High end art prices skyrocketing
If ever there was an apt metaphor for our times, it was the sale of Andy Warhol's "200 One Dollar Bills" at Sotheby's on Nov 11th. The silkscreen, which is a black and white image of 200 U.S. one dollar bills, went for $43.7 million (including commissions). It had previously been purchased for $385,000 in 1986, so this sale represented an about a 100 times increase in price in only 23 years.
High-end art is a place where inflation shows up first. Only when the big price increases start filtering down to lesser works though is it an indication that inflation is getting really out of control. In hyperinflations, even tertiary works experience big price increases. Art, collectibles, and antiques were favorite investment areas in the U.S. during the high-inflation 1970s.
At the rate the U.S. government is printing money and pumping liquidity into the financial system, it might take $43 million one day to buy what $200 did when Warhol created his artwork.
The Chinese have been complaining loudly recently about excessive U.S. spending and its impact on the dollar (they are estimated to hold about $1 trillion in dollar denominated assets in their reserves). Reluctance on their part to continue buying U.S. debt would cause treasury interest rates to rise significantly. Rates on 10-year and 30-year treasuries were already going up at the end of 2009. The Chinese, by selling even a small part of their dollar hoard would damage the U.S. currency, which is already in a strong downward long-term trend. A falling currency is the very definition of inflation (contrary to what most economists claim).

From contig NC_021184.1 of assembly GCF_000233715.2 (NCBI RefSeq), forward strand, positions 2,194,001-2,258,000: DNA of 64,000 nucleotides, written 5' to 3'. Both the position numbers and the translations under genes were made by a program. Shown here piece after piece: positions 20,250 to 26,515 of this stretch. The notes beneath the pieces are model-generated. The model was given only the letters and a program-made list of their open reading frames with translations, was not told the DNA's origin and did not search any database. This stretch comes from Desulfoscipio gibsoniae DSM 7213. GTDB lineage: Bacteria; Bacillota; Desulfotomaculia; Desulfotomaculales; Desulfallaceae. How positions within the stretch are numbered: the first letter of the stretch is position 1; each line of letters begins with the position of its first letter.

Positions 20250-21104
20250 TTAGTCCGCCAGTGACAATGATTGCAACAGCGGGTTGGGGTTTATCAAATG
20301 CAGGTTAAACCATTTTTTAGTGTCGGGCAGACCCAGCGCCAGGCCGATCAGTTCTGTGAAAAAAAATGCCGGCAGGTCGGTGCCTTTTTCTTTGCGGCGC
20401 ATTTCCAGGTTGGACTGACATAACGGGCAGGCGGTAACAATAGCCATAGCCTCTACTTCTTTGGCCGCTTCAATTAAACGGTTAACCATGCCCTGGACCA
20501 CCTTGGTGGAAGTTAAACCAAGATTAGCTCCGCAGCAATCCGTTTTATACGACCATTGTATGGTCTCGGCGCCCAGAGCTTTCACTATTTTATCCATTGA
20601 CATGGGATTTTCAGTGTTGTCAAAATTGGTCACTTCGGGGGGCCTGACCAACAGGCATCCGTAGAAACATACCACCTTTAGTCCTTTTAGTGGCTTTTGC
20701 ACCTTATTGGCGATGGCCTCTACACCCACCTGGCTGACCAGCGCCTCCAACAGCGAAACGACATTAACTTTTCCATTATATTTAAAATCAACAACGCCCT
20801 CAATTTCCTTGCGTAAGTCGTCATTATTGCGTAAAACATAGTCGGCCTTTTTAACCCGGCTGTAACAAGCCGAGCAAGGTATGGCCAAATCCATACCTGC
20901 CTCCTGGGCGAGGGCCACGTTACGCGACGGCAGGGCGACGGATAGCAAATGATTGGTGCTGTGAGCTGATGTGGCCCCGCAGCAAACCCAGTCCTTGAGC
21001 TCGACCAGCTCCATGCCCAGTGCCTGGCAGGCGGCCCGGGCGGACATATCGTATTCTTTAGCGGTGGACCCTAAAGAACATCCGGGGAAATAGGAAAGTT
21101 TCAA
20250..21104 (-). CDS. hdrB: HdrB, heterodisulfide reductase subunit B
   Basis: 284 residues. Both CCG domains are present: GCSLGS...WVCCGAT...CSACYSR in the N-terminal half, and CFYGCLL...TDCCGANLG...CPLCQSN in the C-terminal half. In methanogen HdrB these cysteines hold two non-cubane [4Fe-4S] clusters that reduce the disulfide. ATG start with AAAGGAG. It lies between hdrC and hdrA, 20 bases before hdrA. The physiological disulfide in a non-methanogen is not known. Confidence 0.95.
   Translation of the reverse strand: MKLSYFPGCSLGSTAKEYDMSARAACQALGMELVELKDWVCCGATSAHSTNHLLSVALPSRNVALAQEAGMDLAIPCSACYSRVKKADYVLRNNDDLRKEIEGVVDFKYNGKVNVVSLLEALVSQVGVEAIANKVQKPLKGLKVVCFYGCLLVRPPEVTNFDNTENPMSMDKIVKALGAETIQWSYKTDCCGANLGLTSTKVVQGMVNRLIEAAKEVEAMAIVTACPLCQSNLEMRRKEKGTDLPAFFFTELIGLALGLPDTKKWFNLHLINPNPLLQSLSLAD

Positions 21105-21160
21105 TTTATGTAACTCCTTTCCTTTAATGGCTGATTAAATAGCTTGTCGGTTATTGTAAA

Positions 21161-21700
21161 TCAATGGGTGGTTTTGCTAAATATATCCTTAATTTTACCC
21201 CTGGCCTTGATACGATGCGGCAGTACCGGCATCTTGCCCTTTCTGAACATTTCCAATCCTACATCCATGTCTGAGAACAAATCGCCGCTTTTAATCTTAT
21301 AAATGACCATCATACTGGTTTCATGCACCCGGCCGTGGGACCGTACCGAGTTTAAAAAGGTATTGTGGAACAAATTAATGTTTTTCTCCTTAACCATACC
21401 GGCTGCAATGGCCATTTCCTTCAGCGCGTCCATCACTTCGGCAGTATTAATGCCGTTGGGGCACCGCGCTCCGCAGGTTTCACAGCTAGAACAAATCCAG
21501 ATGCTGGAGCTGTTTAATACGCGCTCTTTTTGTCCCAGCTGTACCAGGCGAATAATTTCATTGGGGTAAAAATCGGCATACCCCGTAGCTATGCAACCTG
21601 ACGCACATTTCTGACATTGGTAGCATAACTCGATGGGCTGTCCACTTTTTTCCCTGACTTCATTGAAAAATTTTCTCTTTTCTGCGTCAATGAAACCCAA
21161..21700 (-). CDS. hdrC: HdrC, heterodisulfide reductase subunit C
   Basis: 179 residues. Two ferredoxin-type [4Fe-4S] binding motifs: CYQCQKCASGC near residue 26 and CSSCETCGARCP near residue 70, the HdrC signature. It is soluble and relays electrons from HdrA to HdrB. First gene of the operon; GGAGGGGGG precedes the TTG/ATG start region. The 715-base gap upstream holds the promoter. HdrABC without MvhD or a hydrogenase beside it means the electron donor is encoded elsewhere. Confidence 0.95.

While government statistics are subject to manipulation, markets ultimately speak the truth. The price of gold, the ultimate measure of inflation, hit all-time highs above $1200 in early December. Just like sky-high art prices and a falling dollar, gold is making a very clear case that inflation is coming. And based on their price action, it's going to be a lot of inflation.
Our advice to Secretary of the Treasury Tim Geithner, on his next trip to China, is not to attempt to offer the Chinese Government this Disney animation cell artwork of Scrooge McDuck, such as this piece entitled "Money in the Bank." The Chinese might counter by pointing out to Mr. Geithner that Scrooge is depicted with money that consists mostly of gold coins. And while the rest of Scrooge's fortune is depicted as piles of dollars, most Scrooge artwork dates from before 1971, when the US was on the gold standard.
Daryl Montgomery is a former engineering professor and the Organizer of the New York Investing Meetup , the largest investment meetup group worldwide.
Jack Kemp is a contributor to American Thinker.